Communists takeover of Nepal
The big victory for the alliance of the Communist Party of Nepal (Unified Marxist-Leninist) and the Communist Party of Nepal (Maoist Centre) in the federal and provincial elections is a politically significant development for Nepal. It will have its repercussions in South Asia too.
The Communist alliance has won a decisive majority in the parliament elections held under the new constitution adopted in September 2015. Since the first Constituent Assembly was set-up in 2008, there have been various governments with Communist participation, but this is the first time that a purely Left government is to be formed. This has been possible due to the alliance of the two biggest Left parties – the CPN (UML) and the CPN (MC). The two parties, while announcing the alliance for the election, had also declared their intention to merge the two parties into a single party after the election.
Out of the total of 275 seats in the federal parliament, 165 seats are elected from territorial constituencies under the first-past-the-post system. 110 seats are elected through proportional representation based on the proportion of votes that the parties get through a separate ballot paper. Out of the territorial seats, the CPN (UML) has won 80 and Maoist Centre 36 seats, making a total of 116. Under the proportional representation system, though official results have not yet been declared, it is reported that the CPN (UML) has got 41 seats and the CPN (MC) 17, which together amounts to 58 seats. Overall, the Left alliance has got 174, which constitutes 63.3 per cent of the total seats which is just short of a two-third majority. The other major party, the Nepali Congress, has fared poorly getting only 23 seats in the direct election, while garnering 40 seats under proportional representation. In the elections to the seven provincial assemblies, the Left alliance has won a majority in six.
Thus, the verdict has been a resounding vote of confidence by the people for the Communist alliance. In contrast to the last decade, the election result heralds a period of political stability. The new government, expected to be led by the CPN (UML) leader K P Oli, has the onerous responsibility of meeting the aspirations of the people for a better life; completing the work of rehabilitation and reconstruction of the earthquake affected areas and strengthening the democratic institutions and values embodied in the Republican Constitution.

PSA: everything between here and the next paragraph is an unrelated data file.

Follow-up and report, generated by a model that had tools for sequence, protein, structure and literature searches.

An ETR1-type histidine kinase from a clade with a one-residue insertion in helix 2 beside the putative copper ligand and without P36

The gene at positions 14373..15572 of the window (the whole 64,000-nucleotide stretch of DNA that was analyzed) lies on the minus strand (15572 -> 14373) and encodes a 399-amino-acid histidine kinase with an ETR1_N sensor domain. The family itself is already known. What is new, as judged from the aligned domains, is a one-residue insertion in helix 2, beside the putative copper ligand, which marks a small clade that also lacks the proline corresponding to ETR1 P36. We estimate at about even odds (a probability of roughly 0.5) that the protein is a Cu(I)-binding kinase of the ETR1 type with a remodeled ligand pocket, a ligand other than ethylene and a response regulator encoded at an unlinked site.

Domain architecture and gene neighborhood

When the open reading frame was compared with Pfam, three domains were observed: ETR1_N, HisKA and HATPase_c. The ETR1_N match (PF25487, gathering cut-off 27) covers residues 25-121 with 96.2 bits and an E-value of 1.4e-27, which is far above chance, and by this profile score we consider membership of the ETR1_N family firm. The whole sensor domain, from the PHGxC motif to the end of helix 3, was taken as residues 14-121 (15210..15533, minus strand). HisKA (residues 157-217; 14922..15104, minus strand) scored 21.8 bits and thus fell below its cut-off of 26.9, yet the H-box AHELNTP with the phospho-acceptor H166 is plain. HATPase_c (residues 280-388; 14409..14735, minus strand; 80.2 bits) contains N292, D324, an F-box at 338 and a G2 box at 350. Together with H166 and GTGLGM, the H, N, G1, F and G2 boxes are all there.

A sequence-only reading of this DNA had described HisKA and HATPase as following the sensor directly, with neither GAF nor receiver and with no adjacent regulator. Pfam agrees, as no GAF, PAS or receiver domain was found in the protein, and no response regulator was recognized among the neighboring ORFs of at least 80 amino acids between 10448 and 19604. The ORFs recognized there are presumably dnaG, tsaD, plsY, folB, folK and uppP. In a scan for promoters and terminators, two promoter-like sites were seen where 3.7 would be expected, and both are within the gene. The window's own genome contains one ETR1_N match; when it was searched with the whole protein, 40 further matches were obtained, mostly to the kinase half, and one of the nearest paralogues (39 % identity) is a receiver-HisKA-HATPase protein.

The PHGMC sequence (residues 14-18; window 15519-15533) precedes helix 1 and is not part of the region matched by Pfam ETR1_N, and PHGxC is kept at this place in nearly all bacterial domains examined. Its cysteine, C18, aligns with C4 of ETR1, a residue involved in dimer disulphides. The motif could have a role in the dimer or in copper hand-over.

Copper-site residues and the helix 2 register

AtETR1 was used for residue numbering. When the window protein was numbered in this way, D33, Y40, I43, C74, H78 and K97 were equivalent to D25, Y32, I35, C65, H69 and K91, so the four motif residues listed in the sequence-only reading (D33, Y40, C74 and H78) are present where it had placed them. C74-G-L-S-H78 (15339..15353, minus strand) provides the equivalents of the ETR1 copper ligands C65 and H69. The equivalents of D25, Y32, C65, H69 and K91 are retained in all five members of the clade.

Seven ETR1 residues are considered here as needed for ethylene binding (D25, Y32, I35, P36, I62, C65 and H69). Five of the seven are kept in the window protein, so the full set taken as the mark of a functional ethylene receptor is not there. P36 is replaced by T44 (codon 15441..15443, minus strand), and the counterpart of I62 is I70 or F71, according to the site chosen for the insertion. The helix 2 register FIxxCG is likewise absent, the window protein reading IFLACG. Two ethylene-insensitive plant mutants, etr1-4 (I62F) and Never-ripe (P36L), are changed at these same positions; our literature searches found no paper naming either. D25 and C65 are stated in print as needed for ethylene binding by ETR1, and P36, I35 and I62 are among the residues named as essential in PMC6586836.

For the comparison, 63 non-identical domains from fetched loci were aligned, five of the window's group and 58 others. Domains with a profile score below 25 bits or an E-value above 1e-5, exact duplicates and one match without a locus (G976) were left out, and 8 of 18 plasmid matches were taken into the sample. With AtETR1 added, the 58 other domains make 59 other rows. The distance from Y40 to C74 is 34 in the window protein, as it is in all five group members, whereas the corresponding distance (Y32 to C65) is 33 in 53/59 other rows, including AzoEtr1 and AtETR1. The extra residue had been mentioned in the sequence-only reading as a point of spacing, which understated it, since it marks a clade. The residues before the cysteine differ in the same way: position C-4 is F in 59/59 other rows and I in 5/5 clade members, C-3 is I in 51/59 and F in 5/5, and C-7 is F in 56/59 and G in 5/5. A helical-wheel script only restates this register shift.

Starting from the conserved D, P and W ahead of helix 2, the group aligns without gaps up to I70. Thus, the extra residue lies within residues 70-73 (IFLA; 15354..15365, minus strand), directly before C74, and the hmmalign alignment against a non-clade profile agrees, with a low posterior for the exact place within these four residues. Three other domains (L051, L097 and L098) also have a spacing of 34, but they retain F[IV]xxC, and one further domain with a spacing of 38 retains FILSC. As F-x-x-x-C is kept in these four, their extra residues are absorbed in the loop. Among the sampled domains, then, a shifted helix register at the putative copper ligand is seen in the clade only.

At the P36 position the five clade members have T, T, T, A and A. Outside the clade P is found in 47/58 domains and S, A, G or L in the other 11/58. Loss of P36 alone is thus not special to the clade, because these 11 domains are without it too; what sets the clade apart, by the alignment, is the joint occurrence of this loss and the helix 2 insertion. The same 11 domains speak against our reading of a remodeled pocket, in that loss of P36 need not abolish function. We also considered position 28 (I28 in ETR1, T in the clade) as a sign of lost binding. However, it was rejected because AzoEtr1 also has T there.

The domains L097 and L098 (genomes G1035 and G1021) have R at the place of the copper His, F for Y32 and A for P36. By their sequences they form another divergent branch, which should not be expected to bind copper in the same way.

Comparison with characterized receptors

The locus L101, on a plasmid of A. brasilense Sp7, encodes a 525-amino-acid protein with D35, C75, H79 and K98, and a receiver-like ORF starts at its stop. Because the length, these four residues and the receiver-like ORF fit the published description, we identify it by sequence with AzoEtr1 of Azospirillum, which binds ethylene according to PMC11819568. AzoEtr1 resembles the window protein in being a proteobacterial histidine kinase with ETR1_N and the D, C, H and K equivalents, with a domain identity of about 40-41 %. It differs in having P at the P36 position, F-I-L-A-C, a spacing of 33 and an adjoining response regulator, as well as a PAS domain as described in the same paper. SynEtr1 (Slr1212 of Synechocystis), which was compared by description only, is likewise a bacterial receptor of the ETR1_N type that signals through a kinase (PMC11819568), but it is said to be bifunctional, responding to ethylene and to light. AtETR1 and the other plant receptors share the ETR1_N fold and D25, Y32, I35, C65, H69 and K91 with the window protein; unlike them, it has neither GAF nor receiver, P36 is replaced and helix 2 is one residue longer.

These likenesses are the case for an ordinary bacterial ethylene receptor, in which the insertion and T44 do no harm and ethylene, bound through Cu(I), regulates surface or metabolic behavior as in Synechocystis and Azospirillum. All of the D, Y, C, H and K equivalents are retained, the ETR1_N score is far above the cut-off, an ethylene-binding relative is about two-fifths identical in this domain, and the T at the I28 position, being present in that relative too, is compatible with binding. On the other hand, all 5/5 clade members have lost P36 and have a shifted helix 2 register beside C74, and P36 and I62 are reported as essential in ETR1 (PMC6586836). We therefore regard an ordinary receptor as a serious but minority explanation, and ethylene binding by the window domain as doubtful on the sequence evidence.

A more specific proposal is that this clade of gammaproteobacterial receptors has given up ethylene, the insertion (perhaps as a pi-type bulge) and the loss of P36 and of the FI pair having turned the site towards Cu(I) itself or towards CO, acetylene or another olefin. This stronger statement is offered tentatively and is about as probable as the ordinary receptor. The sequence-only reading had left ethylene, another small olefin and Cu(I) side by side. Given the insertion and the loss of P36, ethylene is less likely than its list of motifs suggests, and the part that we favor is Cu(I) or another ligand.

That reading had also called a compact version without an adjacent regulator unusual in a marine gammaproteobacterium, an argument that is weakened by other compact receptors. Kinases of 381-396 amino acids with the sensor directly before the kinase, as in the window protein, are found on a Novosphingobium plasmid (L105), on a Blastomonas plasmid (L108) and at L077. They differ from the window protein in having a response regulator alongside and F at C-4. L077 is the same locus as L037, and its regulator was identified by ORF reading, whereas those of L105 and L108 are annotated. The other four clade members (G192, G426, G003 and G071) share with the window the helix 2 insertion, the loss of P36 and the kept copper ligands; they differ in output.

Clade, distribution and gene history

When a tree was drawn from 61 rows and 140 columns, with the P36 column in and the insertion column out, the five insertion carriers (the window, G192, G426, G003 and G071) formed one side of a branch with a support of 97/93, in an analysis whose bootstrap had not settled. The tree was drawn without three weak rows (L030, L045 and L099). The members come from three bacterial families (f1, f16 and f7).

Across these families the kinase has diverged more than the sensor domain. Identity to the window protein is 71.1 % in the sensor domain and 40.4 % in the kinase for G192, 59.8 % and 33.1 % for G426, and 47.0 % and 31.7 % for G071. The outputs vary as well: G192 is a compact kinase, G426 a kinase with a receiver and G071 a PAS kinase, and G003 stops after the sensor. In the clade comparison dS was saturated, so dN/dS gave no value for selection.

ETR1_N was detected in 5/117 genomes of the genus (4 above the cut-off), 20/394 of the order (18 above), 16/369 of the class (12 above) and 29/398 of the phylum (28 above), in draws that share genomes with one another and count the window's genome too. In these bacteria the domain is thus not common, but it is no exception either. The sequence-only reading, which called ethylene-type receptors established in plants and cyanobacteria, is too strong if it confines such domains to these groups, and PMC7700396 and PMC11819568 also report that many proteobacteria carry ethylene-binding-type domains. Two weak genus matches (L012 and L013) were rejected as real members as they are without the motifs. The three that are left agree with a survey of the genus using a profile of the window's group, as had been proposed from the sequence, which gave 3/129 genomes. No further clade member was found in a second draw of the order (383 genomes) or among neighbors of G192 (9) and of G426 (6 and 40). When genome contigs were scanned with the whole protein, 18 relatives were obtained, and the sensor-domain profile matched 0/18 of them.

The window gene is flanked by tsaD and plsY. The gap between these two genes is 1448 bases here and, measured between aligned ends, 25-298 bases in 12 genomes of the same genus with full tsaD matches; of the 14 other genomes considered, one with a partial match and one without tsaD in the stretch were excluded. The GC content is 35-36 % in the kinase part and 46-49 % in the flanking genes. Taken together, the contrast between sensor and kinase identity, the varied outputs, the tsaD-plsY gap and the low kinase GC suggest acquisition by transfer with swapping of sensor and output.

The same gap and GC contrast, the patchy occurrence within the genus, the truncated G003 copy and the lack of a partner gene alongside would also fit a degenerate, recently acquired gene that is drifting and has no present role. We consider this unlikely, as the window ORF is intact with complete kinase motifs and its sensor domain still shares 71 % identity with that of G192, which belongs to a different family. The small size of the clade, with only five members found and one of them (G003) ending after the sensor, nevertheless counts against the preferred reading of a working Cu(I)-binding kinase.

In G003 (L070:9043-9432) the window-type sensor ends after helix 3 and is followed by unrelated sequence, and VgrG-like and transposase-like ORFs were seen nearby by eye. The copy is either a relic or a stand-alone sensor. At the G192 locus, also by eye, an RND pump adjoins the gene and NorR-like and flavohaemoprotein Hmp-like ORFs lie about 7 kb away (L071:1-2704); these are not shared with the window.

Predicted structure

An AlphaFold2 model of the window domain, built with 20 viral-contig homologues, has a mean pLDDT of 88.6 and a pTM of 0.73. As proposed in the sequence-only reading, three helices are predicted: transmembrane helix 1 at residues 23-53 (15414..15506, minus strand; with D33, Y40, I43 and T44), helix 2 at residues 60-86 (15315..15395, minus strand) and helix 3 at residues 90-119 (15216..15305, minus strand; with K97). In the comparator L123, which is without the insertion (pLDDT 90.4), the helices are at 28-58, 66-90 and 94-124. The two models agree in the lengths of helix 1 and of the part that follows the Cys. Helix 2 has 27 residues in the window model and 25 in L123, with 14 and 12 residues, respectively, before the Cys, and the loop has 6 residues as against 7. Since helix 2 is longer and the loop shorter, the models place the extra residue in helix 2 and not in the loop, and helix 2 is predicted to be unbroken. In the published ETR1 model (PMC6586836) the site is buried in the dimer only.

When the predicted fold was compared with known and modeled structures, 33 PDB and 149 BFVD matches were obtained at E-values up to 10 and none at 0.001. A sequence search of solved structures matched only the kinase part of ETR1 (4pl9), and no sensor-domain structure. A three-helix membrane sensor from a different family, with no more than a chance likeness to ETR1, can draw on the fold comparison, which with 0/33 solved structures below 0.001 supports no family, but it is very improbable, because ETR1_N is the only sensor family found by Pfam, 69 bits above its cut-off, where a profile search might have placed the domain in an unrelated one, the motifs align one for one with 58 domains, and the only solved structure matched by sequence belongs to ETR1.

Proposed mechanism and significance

The victory of the Left alliance has caused some unease and misgivings in the Modi government. The Indian ruling establishment has always sought to treat Nepal as a junior partner within its sphere of influence. The worst manifestation of this big brotherly approach was the way the Modi government connived with the economic blockade sparked off by the Madhesi agitation between September and December 2015. The Nepalese people were subjected to unwanted difficulties and misery due to the choking off of supplies of essential commodities, including fuel, at a time when the country was reeling under the after-effects of the earthquake. K P Oli, who was then prime minister, was naturally outraged by the stance of the Modi government.
The important political development in Nepal should lead to a re-thinking and change in India’s attitude to Nepal. The Modi government should strive to establish close relations of cooperation based on equality and non-interference in the internal affairs of Nepal.
The Modi government should recognise also the reality that Nepal would like to maintain cordial relations with both India and China – its two big neighbours. Like the rest of South Asia, Nepal too intends to cooperate with the Belt and Road Initiative. India should not view Nepal’s assertion of an independent foreign policy with suspicion but work towards strengthening the natural affinity historically and culturally ordained between Nepal and India. It should take positive measures to assist Nepal’s economic development and build on our common cultural heritage.